Protecting Myself - WCA - Physical Violence Omaha
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WARNING: Abusers try to control their victim’s lives. When abusers feel a loss of control – like when victims try to leave them – the abuse often worsens. Take special care when you leave and keep being careful even after you have left.

Safety Planning:

Safety planning is just what it sounds like: creating a plan to keep yourself and any children and/or pets safe while living in an environment of domestic violence and abuse, preparing to leave, leaving, and after leaving an abuser. A survivor’s safety and well-being is most at risk during episodes of violence, and when attempting to leave an abuser. It’s especially important to prepare ahead of time to be as protected as possible. Below are some basic guidelines for safety planning. It is an integral part of providing services to victims of domestic violence and is often one of the first services provided by an advocate.

Protection Order

Survivors of domestic violence can request a protection order, or restraining order, to protect themselves from further abuse. These orders cannot stop an abuser from stalking or hurting a victim, but they do permit the victim to call the police and have the abuser arrested if they break the order. To request a protection order, or for more information, call the WCA.

What to think about and how to stay safe

  • Having important phone numbers nearby for you and your children, including:
    • Police
    • Hotlines
    • Friends and/or family
    • Local shelter
  • Trusted friends or neighbors you could tell about the abuse. Ask them to call the police if they hear a disturbance. If you have children, teach them how to dial 911 and make up a code word you can use when you need help.
  • How to get out of your home safely, and practice the best ways to get out.
  • Safer rooms in your home where there are exits and no viable weapons. If you feel abuse is going to happen, try to get your abuser to one of the safer places.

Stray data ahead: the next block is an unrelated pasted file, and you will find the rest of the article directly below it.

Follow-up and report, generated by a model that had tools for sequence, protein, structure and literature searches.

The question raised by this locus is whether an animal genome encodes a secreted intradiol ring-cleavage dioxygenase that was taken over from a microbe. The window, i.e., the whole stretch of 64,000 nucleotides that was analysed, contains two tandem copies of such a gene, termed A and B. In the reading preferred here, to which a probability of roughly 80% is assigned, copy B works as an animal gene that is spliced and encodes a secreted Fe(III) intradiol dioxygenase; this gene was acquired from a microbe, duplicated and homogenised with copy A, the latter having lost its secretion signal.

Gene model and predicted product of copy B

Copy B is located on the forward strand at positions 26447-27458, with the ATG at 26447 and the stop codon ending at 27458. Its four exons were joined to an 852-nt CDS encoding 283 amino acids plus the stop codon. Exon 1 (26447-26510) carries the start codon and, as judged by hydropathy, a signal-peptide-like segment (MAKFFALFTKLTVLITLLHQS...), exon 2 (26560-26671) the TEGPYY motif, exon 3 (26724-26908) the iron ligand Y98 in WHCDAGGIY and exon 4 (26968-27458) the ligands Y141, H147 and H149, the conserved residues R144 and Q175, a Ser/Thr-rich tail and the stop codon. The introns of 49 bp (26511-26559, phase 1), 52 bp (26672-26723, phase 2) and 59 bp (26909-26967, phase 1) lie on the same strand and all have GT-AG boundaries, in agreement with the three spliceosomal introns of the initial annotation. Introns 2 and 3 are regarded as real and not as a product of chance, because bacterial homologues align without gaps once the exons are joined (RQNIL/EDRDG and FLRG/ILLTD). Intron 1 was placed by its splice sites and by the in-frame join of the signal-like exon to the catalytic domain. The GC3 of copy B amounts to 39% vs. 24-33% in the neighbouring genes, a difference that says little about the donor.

• Any weapons in the house. Think about ways you could get them out of the house.
  • Even if you do not plan to leave, think of where you could go and how you might leave. Try doing things that naturally get you out of the house – taking out the trash, walking the dog or going to the store. Put together a bag of things you use every day and hide it where it is easy for you to grab.
  • Going over your safety plan often.
  • Four places you could go if you leave your home.
  • People who might help you if you left. Think of people who would keep a bag for you, lend you money or make plans for your pets.
  • Keeping change for phone calls or getting a cell phone.
  • Opening a bank account and/or credit card in your name.
  • How you might leave without making your abuser suspicious. Try doing things that get you out of the house – taking out the trash, walking the dog or going to the store. Once you’ve figured out the best method, practice leaving.
  • How you could safely take your children and/or pets with you. There are times when taking your loved ones with you may put all of your lives in danger.
  • Putting together a bag of things you use every day. Hide it in a place that is easy for you to grab.

If you cannot take the following items with you, leave them in the possession of a trusted family member or friend.

  • Children (if it is safe)
  • Money
  • Keys to car, house and/or work